However, I would check on the road conditions before and during your journey. Any amount of snow can be a cause for a long and difficult drive.

Our 4×2 campervan we drove to Alaska

We drove our 4×2 campervan up the Alaskan Highway in early June, and although we encountered some gravel roads due to construction, it was not an issue.

Can You Drive to Alaska in the Winter?

The road to Alaska, including the Alaskan Highway, is well-traveled and treated as a priority to be kept clear for the many semi-trucks carrying goods to and from Alaska.

However, the road conditions can still be challenging and dangerous in the winter. It’s best to avoid driving to Alaska during the coldest months when snow and ice are more prevalent.

That being said, many people do choose to drive to Alaska in the winter to experience the stunning frozen landscapes and Northern Lights. If you do decide to make this journey, be sure to have a reliable 4×4 vehicle, proper winter tires, and plenty of supplies. Always check the road conditions before setting off on your adventure.

You’ll want to make sure to add a little time cushion into your itinerary to account for storms and/or dangerous road conditions.

What is there to See Along the Way?

There are endless sights to see along the way while driving to Alaska. From stunning national parks like Banff and Jasper to charming small towns like Dawson City and Skagway to wildlife sightings of bears, moose, and bald eagles.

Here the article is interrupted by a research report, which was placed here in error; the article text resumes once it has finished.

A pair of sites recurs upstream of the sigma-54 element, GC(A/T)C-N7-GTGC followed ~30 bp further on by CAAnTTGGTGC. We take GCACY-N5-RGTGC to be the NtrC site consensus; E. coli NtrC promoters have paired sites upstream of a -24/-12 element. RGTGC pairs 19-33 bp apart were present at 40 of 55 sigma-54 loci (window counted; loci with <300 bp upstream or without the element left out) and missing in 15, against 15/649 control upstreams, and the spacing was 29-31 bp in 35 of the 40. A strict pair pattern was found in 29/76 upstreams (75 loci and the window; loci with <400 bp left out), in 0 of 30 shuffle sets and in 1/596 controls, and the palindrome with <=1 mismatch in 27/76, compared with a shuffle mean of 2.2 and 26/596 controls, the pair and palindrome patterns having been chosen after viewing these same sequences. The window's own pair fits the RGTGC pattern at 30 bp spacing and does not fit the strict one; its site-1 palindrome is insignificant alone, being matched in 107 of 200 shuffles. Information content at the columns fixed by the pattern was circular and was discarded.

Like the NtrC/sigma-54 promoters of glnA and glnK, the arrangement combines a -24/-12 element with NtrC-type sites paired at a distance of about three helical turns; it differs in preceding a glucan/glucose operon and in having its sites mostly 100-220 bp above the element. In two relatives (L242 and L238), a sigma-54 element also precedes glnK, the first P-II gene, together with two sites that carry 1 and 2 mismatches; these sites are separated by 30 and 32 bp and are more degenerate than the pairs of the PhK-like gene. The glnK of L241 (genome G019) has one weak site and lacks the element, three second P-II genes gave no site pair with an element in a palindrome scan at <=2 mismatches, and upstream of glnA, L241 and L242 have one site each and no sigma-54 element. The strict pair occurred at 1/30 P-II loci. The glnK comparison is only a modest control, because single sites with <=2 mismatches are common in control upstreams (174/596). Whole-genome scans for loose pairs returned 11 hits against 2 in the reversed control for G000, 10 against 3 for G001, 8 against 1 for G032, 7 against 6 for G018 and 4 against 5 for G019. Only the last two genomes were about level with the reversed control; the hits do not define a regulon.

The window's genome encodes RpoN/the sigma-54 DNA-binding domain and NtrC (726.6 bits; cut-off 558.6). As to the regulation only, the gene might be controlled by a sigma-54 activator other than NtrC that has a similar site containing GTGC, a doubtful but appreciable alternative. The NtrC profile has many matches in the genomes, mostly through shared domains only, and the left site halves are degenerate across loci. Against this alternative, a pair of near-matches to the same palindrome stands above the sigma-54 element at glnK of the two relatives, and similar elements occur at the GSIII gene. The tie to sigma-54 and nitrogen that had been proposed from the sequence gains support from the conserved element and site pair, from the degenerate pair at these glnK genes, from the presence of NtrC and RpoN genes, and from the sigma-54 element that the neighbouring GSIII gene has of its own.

Sign post forest on the drive to Alaska.
The Sign Post Forest in Watson Lake

Unique roadside attractions include the Sign Post Forest in Watson Lake or the Liard River Hot Springs. We particularly loved Miles Canyon in Whitehorse, Yukon, and if you’re driving up the West Coast, check out the Meziadin Fish Ladder in British Columbia.

Do You Need a Passport to Drive to Alaska?

You will need a passport to drive to Alaska from the US since you will be crossing the border into Canada and then back into the United States once you reach Alaska.

Also note that as a United States citizen, you do not need a visa since Canada allows for transit through the country and/or a six-month stay limit. However, if you are not a US citizen with a passport, make sure to check the requirements for your country.

Can You Drive to Alaska Without Driving Through Canada?

Nope, it’s not possible to drive to Alaska without passing through Canada. There are no roads that directly connect the US to Alaska.

You can, however, take a ferry from Bellingham Washington if you’d rather skip the driving and sit back for the scenic two-day voyage.

Is it Dangerous to Drive to Alaska?

The biggest dangers of driving the long road to Alaska are falling asleep at the wheel, hitting wildlife, driving through sketchy road conditions, and being fatigued.

It’s essential to take breaks, stay alert, and not speed. Animals often cross the road in more remote areas, so it’s vital to stay aware of your surroundings and only drive during the day if possible.